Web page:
What is Normal Weight Obesity?

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What is Normal Weight Obesity?

It sounds like an oxymoron - if you are a normal weight, you are by definition not obese, right? It is genuinely confusing. This is why some say the term is a misnomer, preferring terms such as "Normal Weight Metabolically Obese" or "Normal Weight Central Obesity". (I have my own opinions that I'll share later.)

What everyone is trying to get at is that a substantial number of the people who's weight is normal according to the BMI have many of the symptoms, signs, and risk factors associated with obesity.

They even have excess fat, but not in a place where it's especially visible. They have what is called visceral fat, or central adiposity -- fat that is in the abdomen around the organs, rather than under the skin where it is more obvious.

The worrying constellation of things associated with so-called Normal Weight Obesity are the following:

  • Excess visceral fat (usually measured by waist circumference or waist-hip ratio)
  • Elevated blood glucose (prediabetes or diabetes)
  • Insulin resistance
  • Elevated insulin in blood (hyperinsulinemia)
  • Elevated blood pressure
  • High blood triglycerides
  • Low HDL cholesterol ("good" cholesterol)
  • Increased inflammation

This combination of things is often called metabolic dysregulation, and is very similar to metabolic syndrome. There is no doubt that people who have some of these signs are at an increased risk for heart disease, diabetes, and possibly other chronic conditions such as Alzheimer's Disease.

It is also worth mentioning that this list is very similar to the one that low-carb diets have been shown (time and time again) to effectively address.

By the way, people who are in this situation have been shown to have a higher risk of heart disease, and of dying for whatever reason ("all-cause mortality") than people who are overweight or obese!

So yes, this matters very much.

Normal Weight Obesity is Common!

A lot of people reading this probably assume that this condition is relatively rare. This is probably because we have been told time and time again that BMI is the be-all and end-all of weight and health. The truth is that somewhere in the neighborhood of 25-30% of people with a normal BMI have central obesity and/or metabolic dysregulation.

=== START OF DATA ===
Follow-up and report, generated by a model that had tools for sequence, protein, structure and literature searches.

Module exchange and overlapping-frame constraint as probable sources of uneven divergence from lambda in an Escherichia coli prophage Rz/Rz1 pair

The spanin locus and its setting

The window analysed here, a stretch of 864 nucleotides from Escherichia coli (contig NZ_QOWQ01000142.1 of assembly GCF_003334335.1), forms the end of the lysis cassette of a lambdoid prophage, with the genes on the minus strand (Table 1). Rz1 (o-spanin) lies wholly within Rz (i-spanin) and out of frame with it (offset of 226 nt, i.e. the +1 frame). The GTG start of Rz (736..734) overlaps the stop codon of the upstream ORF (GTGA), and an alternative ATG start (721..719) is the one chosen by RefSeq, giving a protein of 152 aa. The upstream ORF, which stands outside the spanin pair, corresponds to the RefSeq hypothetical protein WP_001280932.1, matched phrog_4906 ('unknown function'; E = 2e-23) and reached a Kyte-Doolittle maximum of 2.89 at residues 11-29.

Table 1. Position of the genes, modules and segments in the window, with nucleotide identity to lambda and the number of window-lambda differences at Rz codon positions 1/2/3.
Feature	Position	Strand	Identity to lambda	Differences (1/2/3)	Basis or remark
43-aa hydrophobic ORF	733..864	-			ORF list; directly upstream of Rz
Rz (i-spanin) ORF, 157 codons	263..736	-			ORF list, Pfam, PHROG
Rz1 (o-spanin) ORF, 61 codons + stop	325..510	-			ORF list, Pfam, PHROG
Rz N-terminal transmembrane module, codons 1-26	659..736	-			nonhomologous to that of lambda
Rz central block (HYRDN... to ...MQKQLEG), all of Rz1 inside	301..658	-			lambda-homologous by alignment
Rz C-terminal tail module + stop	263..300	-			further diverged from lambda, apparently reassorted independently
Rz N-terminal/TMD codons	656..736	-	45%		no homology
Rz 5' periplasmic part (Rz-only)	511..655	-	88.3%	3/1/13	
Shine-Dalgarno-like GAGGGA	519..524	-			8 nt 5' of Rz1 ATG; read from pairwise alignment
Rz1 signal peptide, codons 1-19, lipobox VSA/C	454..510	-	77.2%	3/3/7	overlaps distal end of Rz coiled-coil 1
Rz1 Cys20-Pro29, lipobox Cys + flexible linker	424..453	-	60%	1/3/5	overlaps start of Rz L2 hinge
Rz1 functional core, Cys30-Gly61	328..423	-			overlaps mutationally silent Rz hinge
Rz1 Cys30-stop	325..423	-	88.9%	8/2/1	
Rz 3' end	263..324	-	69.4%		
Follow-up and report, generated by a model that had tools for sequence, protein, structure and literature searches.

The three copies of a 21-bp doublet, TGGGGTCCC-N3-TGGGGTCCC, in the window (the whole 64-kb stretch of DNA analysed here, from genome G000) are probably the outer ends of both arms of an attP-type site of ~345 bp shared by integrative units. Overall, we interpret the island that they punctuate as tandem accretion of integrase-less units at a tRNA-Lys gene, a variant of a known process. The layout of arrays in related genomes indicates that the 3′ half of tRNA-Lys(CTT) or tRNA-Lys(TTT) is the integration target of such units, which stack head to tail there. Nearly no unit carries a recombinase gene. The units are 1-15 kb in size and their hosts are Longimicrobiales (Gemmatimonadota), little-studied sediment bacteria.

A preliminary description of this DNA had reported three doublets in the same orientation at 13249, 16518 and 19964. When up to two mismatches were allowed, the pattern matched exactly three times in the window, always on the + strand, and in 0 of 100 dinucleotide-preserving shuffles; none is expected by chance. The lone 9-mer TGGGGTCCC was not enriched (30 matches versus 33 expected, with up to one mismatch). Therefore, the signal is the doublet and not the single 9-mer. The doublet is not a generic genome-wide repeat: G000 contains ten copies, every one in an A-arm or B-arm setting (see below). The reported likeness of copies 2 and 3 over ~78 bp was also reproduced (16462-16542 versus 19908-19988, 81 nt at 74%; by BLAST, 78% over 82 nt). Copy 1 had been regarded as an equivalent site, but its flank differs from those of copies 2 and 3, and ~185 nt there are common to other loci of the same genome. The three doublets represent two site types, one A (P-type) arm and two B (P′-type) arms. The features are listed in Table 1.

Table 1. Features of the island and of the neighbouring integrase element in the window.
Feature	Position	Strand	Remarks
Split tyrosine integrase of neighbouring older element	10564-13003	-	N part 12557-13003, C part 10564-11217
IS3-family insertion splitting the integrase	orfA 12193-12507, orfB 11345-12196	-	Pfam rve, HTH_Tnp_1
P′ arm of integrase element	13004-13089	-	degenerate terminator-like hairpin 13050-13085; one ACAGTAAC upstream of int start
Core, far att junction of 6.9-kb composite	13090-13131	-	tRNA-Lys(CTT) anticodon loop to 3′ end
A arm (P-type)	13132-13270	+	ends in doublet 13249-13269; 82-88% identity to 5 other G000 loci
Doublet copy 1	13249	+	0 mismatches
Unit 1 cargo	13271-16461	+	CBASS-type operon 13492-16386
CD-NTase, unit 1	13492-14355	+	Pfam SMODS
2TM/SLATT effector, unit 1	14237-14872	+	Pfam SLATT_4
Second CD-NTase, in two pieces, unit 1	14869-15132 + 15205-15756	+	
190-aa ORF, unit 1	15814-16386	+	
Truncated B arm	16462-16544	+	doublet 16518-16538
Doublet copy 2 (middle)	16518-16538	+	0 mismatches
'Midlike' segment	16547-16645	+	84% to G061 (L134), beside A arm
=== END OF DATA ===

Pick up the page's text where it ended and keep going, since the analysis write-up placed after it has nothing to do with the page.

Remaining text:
What Can be Done?

Cutting carbs can definitely help lower the risks inherent in the metabolic syndrome, and this doesn't necessarily mean eating a very low-carb diet. Just cutting way back on sugar and refined carbohydrates can do wonders for a lot of people.

Should we Call this Condition Normal Weight Obesity?

I give this an emphatic "no"!! This is one of the most confusing labels ever. Almost every health organization defines obesity according to BMI. Using the BMI, you are either obese or you are not and your weight is normal or it's not. Combining the two seems totally ridiculous to me.



Furthermore, we have some perfectly good descriptors for what they are labeling "obesity". The terms "insulin resistance" and "metabolic syndrome" and "prediabetes" have been around for quite some time. Doctors know what these terms mean, and lay people are coming to know them as well. These things are correlated with obesity, but they are not obesity! There are people who are overweight or obese who do not have these problems at all (so-called "metabolically healthy obese"). It seems crazy to me to invent a confusing term when we could just say that the person is insulin resistant or has metabolic syndrome.

Personally, I think that this comes from the history we have of stating over and over that obesity "causes" many problems, when often this has not been proven at all. It's more the case that obesity is associated with many problems. It could very well be that the real problem in a lot of cases (example: heart disease) is metabolic dysregulation, not the overweight or obesity itself. But because we have had it drilled into us by the media that obesity causes heart disease, when we find out that people who are not obese have the same problems, we turn around and call it "normal weight obesity"! This is totally backwards! Let's please not do it!

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